Second-year tight end Colby Parkinson finished the season having accumulated a grand total of 187 offensive snaps for the Seattle Seahawks. This equates to less than a quarter of the total snaps for the offense, according to Pro Football Focus. However, 78 of these came over the team’s final three games. In fact, following the first two Weeks of the season, where Parkinson played in 38 and 35 snaps against the Indianapolis Colts and Tennessee Titans, respectively, he never saw the field for more than 8 offensive plays per game until he saw his time increase over the final three weeks.
These numbers aren’t exactly jaw dropping for the player who was once the number one overall recruit at his position in 2017. However, this seems to pretty clearly be an effort on the part of the team to give a young guy some playing time and see what he can do on the field. And what did he do? Well, he made a couple receptions and gained a first down. And what may be even more significant is the play that he didn’t make, and I don’t mean this as a slight to Colby; his near miss in the Red Zone during the second quarter looked like a promising glimpse of what may lie ahead for the physically imposing pass catcher.
Colby Parkinson looks like a red zone threat... maybe another offseason of working with the team and building chemistry with Wilson and he could be hauling these in consistently in '22. pic.twitter.com/o7D7DqUfbs— Stan 'the boy' Taylor (@GoodGuyAtSports) January 13, 2022
The pass is a little high and the timing is a little off, but this is less of a tight window than a pinhole, and Russell Wilson put the ball in a spot where only his hulking tight end would have an opportunity to make the catch. Sure, he didn’t come down with it this time, but this looks like something that the team could build on and work into the rotation in 2022. And this is not the only area of growth for the young player with a couple seasons now under his belt.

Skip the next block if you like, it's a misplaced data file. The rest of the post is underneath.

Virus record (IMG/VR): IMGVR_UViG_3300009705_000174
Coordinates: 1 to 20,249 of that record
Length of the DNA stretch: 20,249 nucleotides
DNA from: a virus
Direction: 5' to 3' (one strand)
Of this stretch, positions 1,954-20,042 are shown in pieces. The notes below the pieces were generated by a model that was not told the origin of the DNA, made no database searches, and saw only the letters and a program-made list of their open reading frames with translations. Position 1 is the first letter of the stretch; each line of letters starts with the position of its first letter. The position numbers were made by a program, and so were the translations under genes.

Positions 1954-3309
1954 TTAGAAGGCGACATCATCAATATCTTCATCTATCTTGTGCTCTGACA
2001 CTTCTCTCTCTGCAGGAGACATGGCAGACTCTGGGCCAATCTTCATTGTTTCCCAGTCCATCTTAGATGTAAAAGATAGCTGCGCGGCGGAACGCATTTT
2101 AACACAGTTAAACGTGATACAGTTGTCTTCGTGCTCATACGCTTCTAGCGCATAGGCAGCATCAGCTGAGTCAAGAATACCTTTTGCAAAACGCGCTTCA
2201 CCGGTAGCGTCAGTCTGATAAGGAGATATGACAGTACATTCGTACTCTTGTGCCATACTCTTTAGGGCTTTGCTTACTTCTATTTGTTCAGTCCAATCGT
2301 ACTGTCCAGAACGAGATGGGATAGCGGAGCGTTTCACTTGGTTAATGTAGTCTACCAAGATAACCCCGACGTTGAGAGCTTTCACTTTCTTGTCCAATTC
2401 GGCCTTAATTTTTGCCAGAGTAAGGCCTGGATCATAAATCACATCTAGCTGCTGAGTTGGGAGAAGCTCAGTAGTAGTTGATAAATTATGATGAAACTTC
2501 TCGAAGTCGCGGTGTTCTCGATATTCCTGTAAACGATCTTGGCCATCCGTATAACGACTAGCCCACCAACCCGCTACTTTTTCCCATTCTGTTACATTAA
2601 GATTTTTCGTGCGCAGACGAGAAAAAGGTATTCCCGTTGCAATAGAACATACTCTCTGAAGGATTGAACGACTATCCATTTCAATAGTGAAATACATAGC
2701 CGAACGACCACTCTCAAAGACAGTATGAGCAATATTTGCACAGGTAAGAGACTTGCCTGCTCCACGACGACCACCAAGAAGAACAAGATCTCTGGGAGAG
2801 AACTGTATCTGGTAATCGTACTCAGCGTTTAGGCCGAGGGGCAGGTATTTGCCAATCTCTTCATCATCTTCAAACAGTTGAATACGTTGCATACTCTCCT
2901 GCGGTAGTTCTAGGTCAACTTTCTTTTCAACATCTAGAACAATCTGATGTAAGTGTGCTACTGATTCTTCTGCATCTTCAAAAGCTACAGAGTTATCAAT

In general, Colby Parkinson has yet to display the “dominating” traits that you would hope to see from somebody with his unique capabilities; take this play below for example.
Colby Parkinson is still learning how to use his frame to his advantage. Jalen Thompson is a talented safety, but you would really like to see a 6'7" TE win this battle with some physicality rather than lunge for the first down, making Thompson's job easier than it needed to be. pic.twitter.com/RlQjazegAs— Stan 'the boy' Taylor (@GoodGuyAtSports) January 13, 2022
It is for reasons like this that Colby Parkinson often seems to be the forgotten man in the Seattle Seahawks small but talented corps of tight ends; he has a grand total of seven receptions in his two seasons since being drafted. However, five of those receptions came this season, including a couple in the thrilling win over the Arizona Cardinals on Sunday. But this being said, the team is almost certainly hoping to see some more growth out of the young guy with the imposing 6’7” frame. They would like to see more plays like this one below, where he just turns up field and powers through the contact.
Colby Parkinson conseguindo converter a terceira descida pic.twitter.com/1jPMvbM0d5— Rapinas do Mar (Cortes) (@cortesrapinas) January 10, 2022
Even though he only gained a couple extra yards, he displayed the fight and reach on this play that he will need to keep building on as he continues to play.
And of course, much of Colby’s slow start has been due to factors outside of his control, as he has seen his young career derailed by injuries; suffering a second consecutive foot injury in August was a real kicker, especially after having a reportedly impressive offseason of working with Russell Wilson. Sitting behind the talented duo of Gerald Everett and Will Dissly in 2021 didn’t help his case for playing time, either, although he did seem to vulture some snaps away from Dissly over the final weeks. But both of the veterans are expected to be free agents at this point — free agents who the team should definitely try to retain, in my opinion. Colby has yet to demonstrate that he can be more than depth so far; he definitely has the physical attributes required to be successful, if not dominant, but has he done enough so far to justify seeing an expanded role next season — when he could potentially be the only veteran carryover with playing experience at his position? Seeing how the team approaches Free Agency and the Draft may provide some clues as to how the team feels, but at the bare minimum, they have to feel at least a little bit more confident after giving him some extended work over the final weeks. I look forward to seeing where he can take his role this offseason and beyond.